Shame: Red-Letter Christians Tout Socialism in Response to Harvey

The Red-Letter Christians organization is based upon the dangerous heresy that the Christian Scripture is at war with itself. The concept is that there is a higher Christian ethic to be found in following the “red letters” of the Bible, often used to denote the actual words of Jesus. Without saying it directly, the implication is that the remainder of the Bible canon is less reliable, less trustworthy, or less honorable than the direct quotations of Jesus. Yes, that would be the same Jesus that affirmed the rest of those “God-breathed” Scriptures.

So when the entire organization is constructed around a concept diametrically at odds with orthodox Christianity, it should hardly be surprising when its leaders issue tragic and abominable statements like they did in the aftermath of Hurricane Harvey.

After a radical left activist named Nate Lerner, founder of the Democratic Coalition and creator of the #BoycottTrump app, commented that disasters like Harvey demonstrate why government should not be run as a business that focuses on profit, the Red Letter Christians re-tweeted his statement and added this unconscionable comment:

“Natural disasters: when we all become socialists.”

What does that even mean? And why would any pseudo-Christian organization say something so tone-deaf to the misery socialism has inflicted and is inflicting on the Earth’s poorest. Isn’t Christianity a faith that exhibits concern for the less fortunate? Aren’t those “red letters” full of admonitions to care for the least of these?

Yet here are professing believers approving and applauding an ideology that has trapped more human beings in poverty and despair than we can count. Utterly mindless and morally bankrupt.

It only made it worse that their foolish tweet came just days after the Guardian ran a sickeningly detailed report about what is currently happening in one of those places where the ideology touted by the Red Letter Christians is imposed on the masses. The title of the piece was enough to bring utter shame on these privileged activists: “Hunger eats away at Venezuela’s soul as its people struggle to survive.” The article is one tragic tale after another, beginning:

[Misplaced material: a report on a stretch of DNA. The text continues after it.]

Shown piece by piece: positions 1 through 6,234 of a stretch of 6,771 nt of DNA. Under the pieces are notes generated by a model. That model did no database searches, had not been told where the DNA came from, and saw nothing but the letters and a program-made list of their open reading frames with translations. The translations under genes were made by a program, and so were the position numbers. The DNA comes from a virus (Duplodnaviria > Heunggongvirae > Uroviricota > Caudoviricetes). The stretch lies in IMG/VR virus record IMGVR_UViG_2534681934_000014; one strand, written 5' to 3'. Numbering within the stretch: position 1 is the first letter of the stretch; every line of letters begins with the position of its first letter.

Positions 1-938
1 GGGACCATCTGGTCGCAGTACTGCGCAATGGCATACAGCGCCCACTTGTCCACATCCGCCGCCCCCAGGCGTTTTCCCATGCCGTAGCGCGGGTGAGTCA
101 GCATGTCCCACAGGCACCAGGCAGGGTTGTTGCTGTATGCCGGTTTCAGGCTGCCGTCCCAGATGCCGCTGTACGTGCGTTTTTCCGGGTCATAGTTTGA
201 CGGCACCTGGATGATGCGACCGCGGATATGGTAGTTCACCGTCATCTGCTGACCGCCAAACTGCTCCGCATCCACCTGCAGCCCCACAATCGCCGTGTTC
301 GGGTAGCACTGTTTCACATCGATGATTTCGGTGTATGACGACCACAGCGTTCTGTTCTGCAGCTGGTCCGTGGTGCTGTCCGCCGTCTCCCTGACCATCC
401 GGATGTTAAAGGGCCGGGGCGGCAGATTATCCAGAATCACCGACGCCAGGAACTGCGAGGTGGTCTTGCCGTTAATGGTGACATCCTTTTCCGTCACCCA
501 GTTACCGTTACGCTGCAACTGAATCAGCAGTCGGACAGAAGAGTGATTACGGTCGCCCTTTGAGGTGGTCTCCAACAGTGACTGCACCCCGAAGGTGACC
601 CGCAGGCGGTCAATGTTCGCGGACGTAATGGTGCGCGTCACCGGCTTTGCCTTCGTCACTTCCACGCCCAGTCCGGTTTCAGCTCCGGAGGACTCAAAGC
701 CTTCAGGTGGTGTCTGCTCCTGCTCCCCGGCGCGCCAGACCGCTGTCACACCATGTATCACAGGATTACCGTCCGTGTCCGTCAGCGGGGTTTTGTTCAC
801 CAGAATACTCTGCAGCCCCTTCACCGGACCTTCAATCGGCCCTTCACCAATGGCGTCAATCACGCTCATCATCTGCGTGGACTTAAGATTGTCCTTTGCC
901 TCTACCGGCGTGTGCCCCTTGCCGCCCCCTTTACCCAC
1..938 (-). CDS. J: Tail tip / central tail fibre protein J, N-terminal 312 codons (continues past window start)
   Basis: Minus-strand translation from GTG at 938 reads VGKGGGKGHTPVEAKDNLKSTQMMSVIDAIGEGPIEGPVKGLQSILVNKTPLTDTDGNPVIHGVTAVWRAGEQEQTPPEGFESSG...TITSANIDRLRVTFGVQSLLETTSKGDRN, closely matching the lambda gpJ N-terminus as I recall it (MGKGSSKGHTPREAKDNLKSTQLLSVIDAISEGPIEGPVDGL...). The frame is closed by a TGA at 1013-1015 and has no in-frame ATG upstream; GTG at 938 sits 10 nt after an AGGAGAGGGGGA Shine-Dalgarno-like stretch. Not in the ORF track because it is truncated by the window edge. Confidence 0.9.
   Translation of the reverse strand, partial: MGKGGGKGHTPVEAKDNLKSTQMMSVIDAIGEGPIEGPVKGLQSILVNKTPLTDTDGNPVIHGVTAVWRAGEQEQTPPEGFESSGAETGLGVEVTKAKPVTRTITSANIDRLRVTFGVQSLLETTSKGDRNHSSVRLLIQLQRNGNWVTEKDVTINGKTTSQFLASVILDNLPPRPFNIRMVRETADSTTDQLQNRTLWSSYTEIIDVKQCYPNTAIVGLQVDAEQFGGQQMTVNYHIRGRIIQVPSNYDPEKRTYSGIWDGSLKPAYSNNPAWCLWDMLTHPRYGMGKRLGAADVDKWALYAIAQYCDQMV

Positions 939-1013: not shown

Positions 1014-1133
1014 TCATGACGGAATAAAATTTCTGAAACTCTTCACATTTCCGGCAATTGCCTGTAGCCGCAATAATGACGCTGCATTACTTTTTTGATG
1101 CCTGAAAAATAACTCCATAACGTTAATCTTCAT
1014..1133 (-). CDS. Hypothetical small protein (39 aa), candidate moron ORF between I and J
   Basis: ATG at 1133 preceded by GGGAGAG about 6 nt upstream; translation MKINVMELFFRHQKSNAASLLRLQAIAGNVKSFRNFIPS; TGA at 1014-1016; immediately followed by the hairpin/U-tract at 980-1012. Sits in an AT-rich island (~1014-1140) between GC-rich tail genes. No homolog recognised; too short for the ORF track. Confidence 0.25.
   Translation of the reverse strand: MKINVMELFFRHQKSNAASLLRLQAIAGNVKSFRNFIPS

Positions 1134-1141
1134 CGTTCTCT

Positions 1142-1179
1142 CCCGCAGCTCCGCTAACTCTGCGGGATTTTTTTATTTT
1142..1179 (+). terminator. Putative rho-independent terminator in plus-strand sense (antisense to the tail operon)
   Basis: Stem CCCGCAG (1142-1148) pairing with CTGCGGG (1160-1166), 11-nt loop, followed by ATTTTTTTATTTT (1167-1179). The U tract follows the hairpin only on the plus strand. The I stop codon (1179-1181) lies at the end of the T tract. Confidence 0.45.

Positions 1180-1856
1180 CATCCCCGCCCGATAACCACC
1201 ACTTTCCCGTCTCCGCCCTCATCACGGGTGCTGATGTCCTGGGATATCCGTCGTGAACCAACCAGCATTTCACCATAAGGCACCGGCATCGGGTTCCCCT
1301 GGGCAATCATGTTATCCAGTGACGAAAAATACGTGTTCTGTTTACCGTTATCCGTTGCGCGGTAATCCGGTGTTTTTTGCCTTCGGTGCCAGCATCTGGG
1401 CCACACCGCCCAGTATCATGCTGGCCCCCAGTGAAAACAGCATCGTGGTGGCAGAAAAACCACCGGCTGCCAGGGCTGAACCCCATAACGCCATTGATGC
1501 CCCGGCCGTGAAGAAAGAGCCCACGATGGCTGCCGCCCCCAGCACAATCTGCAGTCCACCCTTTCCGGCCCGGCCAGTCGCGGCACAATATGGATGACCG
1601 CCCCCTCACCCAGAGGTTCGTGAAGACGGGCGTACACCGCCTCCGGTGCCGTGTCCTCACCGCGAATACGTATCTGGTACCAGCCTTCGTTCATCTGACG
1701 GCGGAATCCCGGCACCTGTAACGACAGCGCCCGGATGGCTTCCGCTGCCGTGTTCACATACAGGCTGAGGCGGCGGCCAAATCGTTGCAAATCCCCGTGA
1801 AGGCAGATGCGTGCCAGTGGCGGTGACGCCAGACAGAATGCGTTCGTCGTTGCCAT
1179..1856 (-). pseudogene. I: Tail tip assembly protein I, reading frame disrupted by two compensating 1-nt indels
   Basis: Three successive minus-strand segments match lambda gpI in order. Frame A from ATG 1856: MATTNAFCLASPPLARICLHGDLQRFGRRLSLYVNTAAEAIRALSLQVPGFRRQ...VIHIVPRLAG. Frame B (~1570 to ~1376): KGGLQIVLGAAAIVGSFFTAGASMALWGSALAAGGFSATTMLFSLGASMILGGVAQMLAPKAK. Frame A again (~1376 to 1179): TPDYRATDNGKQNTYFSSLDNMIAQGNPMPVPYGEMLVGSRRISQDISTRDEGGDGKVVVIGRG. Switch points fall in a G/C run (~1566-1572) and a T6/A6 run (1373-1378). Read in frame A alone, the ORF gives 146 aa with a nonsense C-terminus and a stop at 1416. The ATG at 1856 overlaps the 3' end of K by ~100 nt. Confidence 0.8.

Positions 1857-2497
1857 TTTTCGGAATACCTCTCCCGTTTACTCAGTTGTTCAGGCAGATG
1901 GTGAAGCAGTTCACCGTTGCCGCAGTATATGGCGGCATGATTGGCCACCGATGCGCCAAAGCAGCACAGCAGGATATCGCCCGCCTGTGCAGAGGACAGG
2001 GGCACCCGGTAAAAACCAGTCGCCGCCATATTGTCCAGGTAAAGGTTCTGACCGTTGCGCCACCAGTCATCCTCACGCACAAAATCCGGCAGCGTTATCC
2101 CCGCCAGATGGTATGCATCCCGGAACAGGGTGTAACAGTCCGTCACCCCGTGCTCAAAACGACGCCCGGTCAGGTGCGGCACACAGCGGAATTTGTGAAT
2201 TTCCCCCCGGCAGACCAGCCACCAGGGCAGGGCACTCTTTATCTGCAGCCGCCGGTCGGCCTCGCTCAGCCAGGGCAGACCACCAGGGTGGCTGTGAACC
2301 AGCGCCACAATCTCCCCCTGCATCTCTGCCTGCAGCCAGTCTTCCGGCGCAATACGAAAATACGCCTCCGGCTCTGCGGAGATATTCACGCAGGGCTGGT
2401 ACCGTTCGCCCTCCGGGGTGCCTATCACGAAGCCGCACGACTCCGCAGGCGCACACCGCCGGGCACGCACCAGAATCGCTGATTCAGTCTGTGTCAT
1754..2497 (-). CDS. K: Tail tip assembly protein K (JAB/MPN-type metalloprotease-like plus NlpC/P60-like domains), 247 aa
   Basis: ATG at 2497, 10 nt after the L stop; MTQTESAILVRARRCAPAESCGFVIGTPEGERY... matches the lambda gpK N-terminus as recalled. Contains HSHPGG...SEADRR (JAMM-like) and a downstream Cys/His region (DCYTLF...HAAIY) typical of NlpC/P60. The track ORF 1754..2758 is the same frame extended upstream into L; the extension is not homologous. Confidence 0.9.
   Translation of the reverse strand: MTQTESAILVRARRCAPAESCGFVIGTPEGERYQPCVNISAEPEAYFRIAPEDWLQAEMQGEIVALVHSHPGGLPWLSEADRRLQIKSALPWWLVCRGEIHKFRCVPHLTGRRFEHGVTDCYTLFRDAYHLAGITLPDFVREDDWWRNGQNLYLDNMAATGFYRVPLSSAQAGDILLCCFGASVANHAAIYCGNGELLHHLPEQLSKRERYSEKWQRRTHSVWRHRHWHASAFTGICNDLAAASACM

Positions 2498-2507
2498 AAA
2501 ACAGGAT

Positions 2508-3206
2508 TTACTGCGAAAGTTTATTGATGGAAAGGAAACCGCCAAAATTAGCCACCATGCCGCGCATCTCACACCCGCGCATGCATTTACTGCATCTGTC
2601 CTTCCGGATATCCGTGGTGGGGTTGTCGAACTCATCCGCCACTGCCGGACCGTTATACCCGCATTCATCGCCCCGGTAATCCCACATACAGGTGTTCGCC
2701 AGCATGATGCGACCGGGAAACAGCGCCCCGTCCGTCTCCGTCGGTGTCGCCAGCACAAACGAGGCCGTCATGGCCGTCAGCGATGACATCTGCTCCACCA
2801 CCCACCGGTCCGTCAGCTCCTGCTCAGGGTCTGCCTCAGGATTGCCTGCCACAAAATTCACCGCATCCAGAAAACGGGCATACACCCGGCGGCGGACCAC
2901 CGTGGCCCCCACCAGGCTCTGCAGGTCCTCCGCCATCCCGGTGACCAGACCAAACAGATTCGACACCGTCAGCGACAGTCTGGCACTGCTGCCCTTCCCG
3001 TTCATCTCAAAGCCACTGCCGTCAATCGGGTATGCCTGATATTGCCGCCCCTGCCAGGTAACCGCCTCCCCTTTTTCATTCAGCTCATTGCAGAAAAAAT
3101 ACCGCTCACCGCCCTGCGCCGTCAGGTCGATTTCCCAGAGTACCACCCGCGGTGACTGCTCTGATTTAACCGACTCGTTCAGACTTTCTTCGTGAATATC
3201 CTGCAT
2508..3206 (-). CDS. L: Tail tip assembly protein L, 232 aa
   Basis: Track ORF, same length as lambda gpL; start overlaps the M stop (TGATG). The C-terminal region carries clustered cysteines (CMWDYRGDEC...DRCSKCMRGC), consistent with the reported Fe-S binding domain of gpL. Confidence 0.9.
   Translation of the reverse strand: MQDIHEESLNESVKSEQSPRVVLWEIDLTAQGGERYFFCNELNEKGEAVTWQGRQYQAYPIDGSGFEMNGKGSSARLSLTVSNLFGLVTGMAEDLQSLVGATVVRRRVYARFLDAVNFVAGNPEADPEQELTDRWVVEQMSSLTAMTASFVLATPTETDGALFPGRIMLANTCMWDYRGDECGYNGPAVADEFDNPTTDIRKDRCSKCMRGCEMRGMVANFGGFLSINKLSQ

Hunger is gnawing at Venezuela, where a government that claims to rule for the poorest has left most of its 31 million people short of food, many desperately so. As night falls over Caracas, and most of the city’s residents lock their doors against its ever more violent streets, Adriana Velásquez gets ready for work, heading out into an uncertain darkness as she has done since hunger forced her into the only job she could find at 14.


She was introduced to her brothel madam by a friend more than two years ago after her mother, a single parent, was fired and the two ran out of food. “It was really hard, but we were going to bed without eating,” said the teenager, whose name has been changed to protect her.

Later in the piece:

Nearly three-quarters of Venezuelans have lost weight over the past year, and the average loss was a huge 9kg, or nearly a stone and a half, according to a survey by the country’s top universities. For many that is simply because food is too expensive. Nine out of 10 homes can’t cover the cost of what they should eat.  And 10 million people skip at least one meal a day, often to help feed their children.

Yet here sit well-fed Americans in the Red Letter Christian movement turning a blind eye to the suffering engendered by the very economic system they tout. Where’s their compassion? Where’s their love? Where’s their sense of justice?

It seems remarkable that the activists at RLC, Tony Campolo, Shane Claiborne, Jim Wallis, and others, make their living railing against the “privilege” of white Americans, juxtaposing it with the struggles faced by disadvantaged minorities…all while they sit in privileged positions and promote economic systems that lock the disadvantaged in misery.

It’s shameful. To answer their contemptible tweet, natural disasters are bad enough. A Christian would have no desire to add the grief of the man-made disaster of socialism to it.

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Peter Heck

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